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184. Some Common Grounds for Moral Duty and Beauty

Our experiences of beauty and duty appear to be very different. Immanuel Kant (1724-1804), in his book Critique of Judgment, argued that judgments of the beautiful must be “disinterested.” This means that we make these judgments (1) without concern for the truth; (2) without Read more ›

175. Medusa and R.D. Laing’s Divided Self

In his book The Divided Self (Penguin: 1969) the Scottish psychiatrist R. D. Laing (1927-1989) attempts to existentially and phenomenologically, rather than biologically and clinically, understand “the schizoid individual” or “an individual the totality of whose experience is split in two Read more ›

143. Solitude and Education, Part 5: Thoreau on Nature and Virtue

Friedrich Nietzsche (1844-1900), in his book Daybreak (1881), wrote: “On Education. – I have gradually seen the light as to the most universal deficiency in our kind of cultivation and education: no one learns, no one strives after, no one Read more ›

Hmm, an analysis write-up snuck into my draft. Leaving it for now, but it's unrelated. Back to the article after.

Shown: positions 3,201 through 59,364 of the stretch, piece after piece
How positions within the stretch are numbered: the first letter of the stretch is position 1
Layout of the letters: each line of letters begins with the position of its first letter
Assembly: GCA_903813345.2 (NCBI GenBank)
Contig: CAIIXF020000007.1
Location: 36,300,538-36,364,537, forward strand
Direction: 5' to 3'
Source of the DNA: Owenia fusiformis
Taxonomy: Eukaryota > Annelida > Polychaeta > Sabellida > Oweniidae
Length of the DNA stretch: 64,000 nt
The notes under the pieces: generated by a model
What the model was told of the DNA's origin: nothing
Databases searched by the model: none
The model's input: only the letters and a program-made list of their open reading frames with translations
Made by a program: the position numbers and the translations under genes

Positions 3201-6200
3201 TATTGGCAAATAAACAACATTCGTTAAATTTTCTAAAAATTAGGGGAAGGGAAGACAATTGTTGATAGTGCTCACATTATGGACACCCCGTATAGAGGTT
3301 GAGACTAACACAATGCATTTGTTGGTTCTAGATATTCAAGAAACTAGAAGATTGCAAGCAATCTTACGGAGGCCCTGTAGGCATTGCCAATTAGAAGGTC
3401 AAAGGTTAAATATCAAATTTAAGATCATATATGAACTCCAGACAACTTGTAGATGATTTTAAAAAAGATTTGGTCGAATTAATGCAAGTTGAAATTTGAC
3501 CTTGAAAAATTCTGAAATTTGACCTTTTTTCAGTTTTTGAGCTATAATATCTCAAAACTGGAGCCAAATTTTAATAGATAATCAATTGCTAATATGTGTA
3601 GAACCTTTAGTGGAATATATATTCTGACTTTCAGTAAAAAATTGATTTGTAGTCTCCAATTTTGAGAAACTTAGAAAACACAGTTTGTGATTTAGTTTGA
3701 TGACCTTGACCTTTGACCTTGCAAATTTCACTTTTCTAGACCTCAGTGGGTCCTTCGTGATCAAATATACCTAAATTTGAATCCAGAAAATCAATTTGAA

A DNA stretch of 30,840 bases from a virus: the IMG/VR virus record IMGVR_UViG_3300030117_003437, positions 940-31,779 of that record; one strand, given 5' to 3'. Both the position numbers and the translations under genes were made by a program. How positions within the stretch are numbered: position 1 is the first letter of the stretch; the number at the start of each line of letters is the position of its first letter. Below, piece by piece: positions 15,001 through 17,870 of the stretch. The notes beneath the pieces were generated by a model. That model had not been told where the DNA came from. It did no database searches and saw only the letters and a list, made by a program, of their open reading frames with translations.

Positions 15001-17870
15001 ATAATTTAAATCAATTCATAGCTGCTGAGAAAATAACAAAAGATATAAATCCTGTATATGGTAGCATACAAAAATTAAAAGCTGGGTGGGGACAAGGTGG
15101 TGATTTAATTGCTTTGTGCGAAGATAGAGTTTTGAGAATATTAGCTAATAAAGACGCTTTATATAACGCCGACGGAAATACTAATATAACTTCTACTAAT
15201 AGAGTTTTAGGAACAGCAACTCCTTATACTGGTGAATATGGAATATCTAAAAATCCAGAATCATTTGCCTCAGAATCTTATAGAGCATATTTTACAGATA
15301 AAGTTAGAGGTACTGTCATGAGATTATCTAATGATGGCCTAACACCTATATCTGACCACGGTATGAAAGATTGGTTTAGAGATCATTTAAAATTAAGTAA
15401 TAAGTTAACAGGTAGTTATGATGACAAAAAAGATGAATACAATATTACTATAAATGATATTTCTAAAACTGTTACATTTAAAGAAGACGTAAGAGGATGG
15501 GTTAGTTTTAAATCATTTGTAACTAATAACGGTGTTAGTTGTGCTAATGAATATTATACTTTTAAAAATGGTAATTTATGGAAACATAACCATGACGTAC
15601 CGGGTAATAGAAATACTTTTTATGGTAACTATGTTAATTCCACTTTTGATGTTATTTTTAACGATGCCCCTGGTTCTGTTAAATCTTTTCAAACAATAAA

142. Solitude and Education, Part 4: Schopenhauer on Contemplation and the Sublime

Friedrich Nietzsche (1844-1900), in his book Daybreak (1881), wrote: “On Education. – I have gradually seen the light as to the most universal deficiency in our kind of cultivation and education: no one learns, no one strives after, no one Read more ›

120. Philosophy and the Sublime

Many of our efforts at self-examination presuppose at least a sense of things we don’t know. We sense our life is inadequate and take steps to acquire more knowledge to remove our ignorance. We widen our scope, gain new perspectives, and Read more ›

5. The Demonic, Part 1: Kierkegaard’s Demonic Fashion Designer

The Danish proto-existentialist philosopher Soren Kierkegaard (1813-1855) put forth an intriguing account of the demonic in chapter 4 of his eccentric work The Concept of Anxiety (see the Princeton edition translated by the Hongs). Kierkegaard claims the demonic person has “anxiety about the Read more ›